Monday, April 26, 2010

What Box Office Sales are Really Saying

For the past three years there has been a noticeable trend in box office sales: fantasy and the supernatural world are taking over.

Audiences all over the country have been demanding movies that take them out of "the real world," and Hollywood has been supplying the escape. Since 2007, viewers have been showing favorable responses to movies that take them to a 'galaxy far, far away'-- literally.

Avatar crushed all the records in a matter of weeks in 2009 (and still going strong in 2010). Followed by Transformers: Revenge of the Fallen, Harry Potter and the Half Blood Prince, Twilight Saga: New Moon and Up.

In 2008, The Dark Knight was the number one movie at the box office. Indiana Jones and the Kingdom of the Crystal Skull was second: Kung Fu Panda was third: Hancock was fourth: Iron Man was fifth.

So what does this really all mean?

In my opinion, the box office sales are saying the American people are looking for an escape--and they are finding it in theaters.

Allow me to explain....

Since what seems like forever, the U.S. has been depressed. The TV displays Tsunamis, earthquakes, a dying economy and wars on every news channel. You don't need to pay for a ticket to see action and destruction, just turn the channel.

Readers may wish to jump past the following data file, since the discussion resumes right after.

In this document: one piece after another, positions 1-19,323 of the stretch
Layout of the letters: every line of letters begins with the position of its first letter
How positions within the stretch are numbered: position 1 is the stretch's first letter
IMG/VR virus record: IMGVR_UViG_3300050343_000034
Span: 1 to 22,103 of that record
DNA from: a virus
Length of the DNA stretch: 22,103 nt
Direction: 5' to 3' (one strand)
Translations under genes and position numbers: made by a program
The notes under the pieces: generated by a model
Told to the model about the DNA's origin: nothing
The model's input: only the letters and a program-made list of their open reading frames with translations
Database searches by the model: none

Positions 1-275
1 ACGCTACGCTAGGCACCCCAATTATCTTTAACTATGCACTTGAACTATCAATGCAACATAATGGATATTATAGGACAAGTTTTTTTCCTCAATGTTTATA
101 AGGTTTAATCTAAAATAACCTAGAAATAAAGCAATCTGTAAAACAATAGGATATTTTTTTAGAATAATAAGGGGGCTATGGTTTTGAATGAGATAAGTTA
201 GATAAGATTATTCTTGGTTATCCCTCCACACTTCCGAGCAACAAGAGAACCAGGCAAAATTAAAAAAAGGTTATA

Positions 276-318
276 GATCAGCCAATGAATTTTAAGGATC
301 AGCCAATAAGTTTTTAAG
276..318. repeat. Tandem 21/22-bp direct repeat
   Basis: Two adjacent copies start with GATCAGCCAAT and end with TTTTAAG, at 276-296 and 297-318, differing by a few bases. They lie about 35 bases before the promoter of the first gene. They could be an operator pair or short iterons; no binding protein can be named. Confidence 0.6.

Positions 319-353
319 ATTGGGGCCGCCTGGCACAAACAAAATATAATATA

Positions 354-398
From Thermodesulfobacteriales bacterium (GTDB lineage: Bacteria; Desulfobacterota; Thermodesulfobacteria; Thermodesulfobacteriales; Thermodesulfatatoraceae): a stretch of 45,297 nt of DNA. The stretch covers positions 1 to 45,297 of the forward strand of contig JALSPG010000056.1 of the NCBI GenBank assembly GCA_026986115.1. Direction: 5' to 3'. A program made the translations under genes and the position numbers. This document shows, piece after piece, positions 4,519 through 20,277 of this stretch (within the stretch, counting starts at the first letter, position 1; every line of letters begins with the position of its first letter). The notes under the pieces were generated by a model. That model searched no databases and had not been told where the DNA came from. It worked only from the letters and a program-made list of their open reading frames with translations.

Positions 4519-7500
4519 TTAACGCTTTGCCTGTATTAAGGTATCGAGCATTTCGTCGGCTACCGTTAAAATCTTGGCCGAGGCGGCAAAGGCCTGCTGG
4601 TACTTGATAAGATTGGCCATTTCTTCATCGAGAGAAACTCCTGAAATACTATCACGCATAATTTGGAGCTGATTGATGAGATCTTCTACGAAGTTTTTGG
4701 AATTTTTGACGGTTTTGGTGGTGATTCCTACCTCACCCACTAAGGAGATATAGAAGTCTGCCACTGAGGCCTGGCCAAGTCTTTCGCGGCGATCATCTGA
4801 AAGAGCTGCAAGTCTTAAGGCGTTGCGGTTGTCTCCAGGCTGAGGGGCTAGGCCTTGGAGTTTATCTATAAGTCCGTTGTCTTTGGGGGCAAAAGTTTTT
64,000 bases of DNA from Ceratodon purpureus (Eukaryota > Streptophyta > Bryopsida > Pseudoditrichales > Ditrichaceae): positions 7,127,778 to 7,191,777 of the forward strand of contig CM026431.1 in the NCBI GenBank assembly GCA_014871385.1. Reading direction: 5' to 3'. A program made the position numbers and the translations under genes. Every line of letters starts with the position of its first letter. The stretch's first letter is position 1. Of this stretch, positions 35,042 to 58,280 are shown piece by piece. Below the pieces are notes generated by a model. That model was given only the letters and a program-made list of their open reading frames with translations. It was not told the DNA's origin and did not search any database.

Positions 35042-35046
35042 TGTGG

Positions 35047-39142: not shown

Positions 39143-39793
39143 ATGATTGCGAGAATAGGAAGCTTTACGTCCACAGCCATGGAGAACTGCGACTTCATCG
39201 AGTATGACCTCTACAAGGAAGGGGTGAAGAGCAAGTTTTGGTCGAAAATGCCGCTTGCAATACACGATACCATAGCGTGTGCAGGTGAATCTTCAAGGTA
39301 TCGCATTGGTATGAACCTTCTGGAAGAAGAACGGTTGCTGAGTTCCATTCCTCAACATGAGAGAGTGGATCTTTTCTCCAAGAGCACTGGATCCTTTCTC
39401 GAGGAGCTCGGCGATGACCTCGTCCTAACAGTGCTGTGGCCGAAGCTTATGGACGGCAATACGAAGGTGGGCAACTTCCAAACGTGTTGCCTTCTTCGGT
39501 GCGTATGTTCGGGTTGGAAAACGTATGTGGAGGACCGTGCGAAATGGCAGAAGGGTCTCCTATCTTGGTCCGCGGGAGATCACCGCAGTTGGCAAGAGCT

As a result, Americans have turned to the theater as a means of escape. They would rather spend $8 for a ticket or $18 to see a movie in 3d.

For those two hours--or sometimes more--audiences can find themselves in another world, listening to another language and seeing things they couldn't even imagine.

Lately, movies are producing situations, conflicts, issues and circumstances that we wish we had.

For example, kids, teenagers and even grown women accept and envy the situation Bella Swan is in with the Twilight Sagas. Girls wish they had the difficult choice choosing between an overprotective Vampire or a tanned, built Werewolf. Because today, in reality, they have the difficult decision choosing between a partner in the same sex, religion, culture ethnicity etc.

People wish that there really was a hero that could save our cities like in The Dark Knight. If only it were so easy. If only we relied on one man who we really could count on.

Avatar's success speaks volumes. A decade ago, movies like Independence Day portrayed "the enemy" as aliens. Today, we know better.

Now we know that the enemy is our own species. We know the enemy doesn't have to travel a galaxy away to attack us; they simply need to get on a plane or walk into a train station to attack us. In Avatar, the aliens were the humane ones and the humans were corrupt.

Audiences don't want the heart ache; they don't want the disaster. We see it every day on the news. We hear it every day on the radio. We read about it in the newspapers.

People are looking for and finding an escape from our world's state of terror and depression in the movies. That's what box office sales are really saying.


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